Custom processor: A processor who provides the service of seafood processing but has not purchased (does not own) the seafood.

Date fishing began: The date the gear was deployed (in water) or harvest of fish or shellfish was initiated.

Date Landed: The date fish or shellfish are off-loaded or trans-shipped from the catcher vessel to the first purchaser. The date of landing is the day off-load is completed. For catcher-processors the date landed is the date the product is caught and brought on board. For catcher-seller vessels the land date is the date the product is initially brought into port.

Days Fished: The number of days that the gear was in the water, actively fishing. This would include soak days (times) for pots and longline gear. Days spent traveling to and from the grounds, when gear has been removed from the water, should not be considered when calculating days fished.

Deadloss: Crab must be delivered live for the live/fresh market or for processing. Dead crab deteriorate quickly and are unsuitable for human consumption. Crab that are harvested live, but subsequently die prior to delivery to the processor or for dockside sales are considered deadloss. This harvest must be recorded on the landing report, as it is an extraction from the resource.

Deck Load: A quality field requested by industry. If the catcher vessel runs out of fish hold space they may stack fish on their decks. These don't benefit from the chill system and may be of lower quality.

Delivery Code (Del. Con. or Deliv. Cond. Code)  See Delivery condition code.

Delivery condition code: Condition of the fish or shellfish at the point it is weighed and recorded on the fish ticket. Delivery condition codes provide important information utilized to convert the scale weight to whole weight.

Delivery Latitude/Delivery Longitude: For groundfish tender deliveries the delivery location lat/long is required in tLandings.

Discard: To throw away, reject, or dump a portion of the catch at-sea or at the dock before processing.

Discard Report: Discard reports are required by federal regulation to be given to the processor at the time of a groundfish offload if the vessel is federally permitted and is greater than or equal to 60 feet in overall length. The report includes discard or disposition information for all groundfish, prohibited species, and forage fish reported to the shoreside processor, stationary floating processor, or mothership by catcher vessels or buying stations.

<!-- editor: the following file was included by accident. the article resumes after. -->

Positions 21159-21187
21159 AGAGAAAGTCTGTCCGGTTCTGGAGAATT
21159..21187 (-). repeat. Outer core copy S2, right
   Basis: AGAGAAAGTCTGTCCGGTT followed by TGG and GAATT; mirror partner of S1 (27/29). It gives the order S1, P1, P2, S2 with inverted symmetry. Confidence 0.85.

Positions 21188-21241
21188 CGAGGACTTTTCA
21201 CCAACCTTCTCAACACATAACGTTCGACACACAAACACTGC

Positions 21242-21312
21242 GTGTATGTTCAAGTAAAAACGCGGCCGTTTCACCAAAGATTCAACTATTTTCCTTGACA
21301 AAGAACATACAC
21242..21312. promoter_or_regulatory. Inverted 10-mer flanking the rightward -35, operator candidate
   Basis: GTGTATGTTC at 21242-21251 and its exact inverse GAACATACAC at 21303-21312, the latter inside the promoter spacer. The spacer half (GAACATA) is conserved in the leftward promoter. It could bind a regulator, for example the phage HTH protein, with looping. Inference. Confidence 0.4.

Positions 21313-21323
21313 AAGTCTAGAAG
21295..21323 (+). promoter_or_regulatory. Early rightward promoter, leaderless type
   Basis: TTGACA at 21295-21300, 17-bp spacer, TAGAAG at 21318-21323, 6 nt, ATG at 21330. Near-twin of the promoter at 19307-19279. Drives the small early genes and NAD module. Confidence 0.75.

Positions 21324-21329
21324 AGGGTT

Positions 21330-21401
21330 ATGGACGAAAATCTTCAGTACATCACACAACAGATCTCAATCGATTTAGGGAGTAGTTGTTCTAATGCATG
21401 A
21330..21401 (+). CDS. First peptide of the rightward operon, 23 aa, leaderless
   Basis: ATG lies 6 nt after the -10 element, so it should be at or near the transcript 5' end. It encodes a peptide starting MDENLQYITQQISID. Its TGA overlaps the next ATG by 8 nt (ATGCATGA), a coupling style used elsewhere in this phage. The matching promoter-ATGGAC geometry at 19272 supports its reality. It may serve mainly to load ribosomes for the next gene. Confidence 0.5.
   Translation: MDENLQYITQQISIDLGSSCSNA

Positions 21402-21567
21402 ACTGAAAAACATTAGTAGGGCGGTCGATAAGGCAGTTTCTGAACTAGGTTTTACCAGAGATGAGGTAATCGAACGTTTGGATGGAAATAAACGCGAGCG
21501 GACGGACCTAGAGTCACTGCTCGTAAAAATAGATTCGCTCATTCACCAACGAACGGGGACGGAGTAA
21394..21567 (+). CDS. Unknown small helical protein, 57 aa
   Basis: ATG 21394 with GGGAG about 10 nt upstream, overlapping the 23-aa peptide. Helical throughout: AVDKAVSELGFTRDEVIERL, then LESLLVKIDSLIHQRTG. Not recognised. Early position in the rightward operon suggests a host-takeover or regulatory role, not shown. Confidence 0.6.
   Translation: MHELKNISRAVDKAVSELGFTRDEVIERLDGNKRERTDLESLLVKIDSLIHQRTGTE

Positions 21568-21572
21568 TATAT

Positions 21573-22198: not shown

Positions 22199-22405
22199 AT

Disposition: The intended use or disposal of the fish or shellfish. The most common disposition code is, 'Sold for Human Consumption' - code 60. Disposition codes can also indicate non-commercial disposal of catch. Examples of disposition codes include all discards of fish or shellfish at sea, or at the dock, fish or shellfish retained for personal use or bait, and discarded at sea or at the dock.

Dock Delivery: Intended for use by tender vessels who may take deliveries at port or on the fishing grounds. Used in conjunction with Tender ADFandG Number. If the Tender Vessel number is blank, the dock delivery field is generally ignored.

Dual Permit: Applicable where regulation allows. Typically used for Salmon. Designation to indicate two or more permits were used for on fish ticket. The presence of multiple permits on the fish ticket increases fishing limits. When dual permit is used, both CFEC permits are recorded on the fish ticket.  The primary permit, normally the vessel owner, is document first and the secondary CFEC permit is identified as the dual permit.  

Ex-Vessel value: The post-season adjusted price per pound for the first purchase of commercial harvest. The ex-vessel value is usually established by determining the average price for an individual species,harvested by a specific gear, in a specific area. The delivery condition of the product is usually taken into consideration when the average price is established.

Federal Fishery Permit: A vessel permit (FFP), issued by the National Marine Fisheries Service, which is required to fish for groundfish in the EEZ of the Gulf of Alaska, the Aleutian Islands, and the Bering Sea.

Federal Crab Vessel Permit: The owner of a vessel must have a Federal Crab Vessel Permit (FCVP) on board that vessel when used to fish for Crab Rationalization crab. These annual permits that expire at the end of the crab fishing year for which they are issued (June 30) and may not be surrendered at any time during the crab fishing year for which they are issued.

Federal Processor Permit: A Federal processor permit(FPP) is a permit issued by the NMFS. No shoreside processor of the United States or stationary floating processor may receive or process groundfish harvested in the GOA or BSAI, unless the owner first obtains a Federal processor permit issued under Federal regulations at 50 CFR Part 679.4.  A Federal processor permit is issued without charge. The permit applicant must be a "U.S. citizen" (individual or non-individual as defined at 679.2); and a separate permit is required for each business plus facility or vessel combination used for these purposes.  Permit applications and instructions can be found at: http://alaskafisheries.noaa.gov/.

Fish ticket: Record of purchase required by the State of Alaska (Alaska Statute 16.05.690). Each CFEC permitted fisher will receive one fish ticket record per landing report in the eLandings System.

Fish ticket number (ADF&G): The unique fish ticket number generated by the eLandings System. Each landing report and each fish ticket are uniquely numbered in the eLandings System.